1. It’s only 140 characters and it poses quite a challenge, but an interesting one: to pare down an experience to a very short phrase…I’ve been fooling with it the last month or so and have found it worthwhile in a very circumscribed sort of way…

  2. Claudine says:

    Dmitry, so of course I had to hunt you down on Twitter after reading your comment. You are doing some interesting stuff with it, it feels more like snippets of poetry, street poetry or something. I’ll keep reading….

  3. Great post Claudine. I agree with most of your assertions, but I would like to disagree with two.

    I think the web can and is being used well as a location for good, long form criticism. There are several locations where the discussion is better than most glossies. See, e.g., John Haber’s site, among others. I think this can exist along with shorter blog stuff, — the longer pieces should be encouraged, not discouraged.

    Twitter seems to me a possibility, but it is often, in use, a complete kowtowing to soundbite culture, and we have seen enough of the effects of that over the last decade and more.

    Second, I am against the term ‘art writing.’ It sounds weird, as if it means “art that is writing” not “writing about art.” Yet, of course, ‘art writing’ is modeled on ‘art criticism.’

    Also, ‘criticism’ really means analysis and discussion, not only negative comments, although in ordinary “street” language it means simply the latter. So maybe you are right that a new word is needed— “art writing” sounds all wishy-washy to me too — as if it could be just any old pile of words about art, like the descriptive everything-is-okay crap one reads so often in the German-speaking world. “Analytic art writing”? I can’t really think of a better term.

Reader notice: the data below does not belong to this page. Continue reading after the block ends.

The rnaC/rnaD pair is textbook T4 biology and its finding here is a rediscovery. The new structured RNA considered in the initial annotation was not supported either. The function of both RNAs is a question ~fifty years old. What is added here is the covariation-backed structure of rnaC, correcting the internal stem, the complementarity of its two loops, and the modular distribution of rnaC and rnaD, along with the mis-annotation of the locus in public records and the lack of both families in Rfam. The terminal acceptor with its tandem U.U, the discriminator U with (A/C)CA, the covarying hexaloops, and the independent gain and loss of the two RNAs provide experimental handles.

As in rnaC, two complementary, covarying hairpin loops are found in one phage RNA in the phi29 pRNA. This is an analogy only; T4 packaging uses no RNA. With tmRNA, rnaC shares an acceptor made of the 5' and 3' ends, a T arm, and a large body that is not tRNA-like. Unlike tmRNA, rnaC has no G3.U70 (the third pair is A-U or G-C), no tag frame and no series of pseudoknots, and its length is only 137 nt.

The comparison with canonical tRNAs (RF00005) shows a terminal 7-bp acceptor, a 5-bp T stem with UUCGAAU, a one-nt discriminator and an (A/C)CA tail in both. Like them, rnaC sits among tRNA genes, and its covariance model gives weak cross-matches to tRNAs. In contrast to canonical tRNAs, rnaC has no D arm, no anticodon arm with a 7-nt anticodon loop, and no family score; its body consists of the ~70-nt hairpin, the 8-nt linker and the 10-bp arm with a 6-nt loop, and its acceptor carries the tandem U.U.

4. Claudine says:

    Hi Mark, thank you! Regarding Twitter, interestingly enough there were a couple of blog posts and essays written over the weekend that expand this discussion even further. First, Ben Davis’ blog post on Artnet magazine, The Twitter Aesthetic ( Sorry I don’t know how to do links in comments yet! But it’s a lengthy discussion of what Twitter is good at, especially in covering art fairs. And then today Edward Winkleman referenced Davis’ blog essay in his, Winkleman’s own blog and added further commentary on the issue ( I think I might post about these two things today as they help flesh out different angles of the Twitting issue.

    RE: art criticism vs. art writing. Yeah, ‘art writing’ does sound clunky & lame doesn’t it. Maybe my discomfort w/the term comes from my own personal issues with not knowing how to describe/situate/think about the writing that I’m doing now. Especially as it pertains to this blog/website. Eh, I suppose it doesn’t much matter what it’s called, the focus should be on how to do it well, how to make art criticism relevant and appropriate to this format without reducing it all to a snapshot. I’m going to go check out John Haber’s blog now….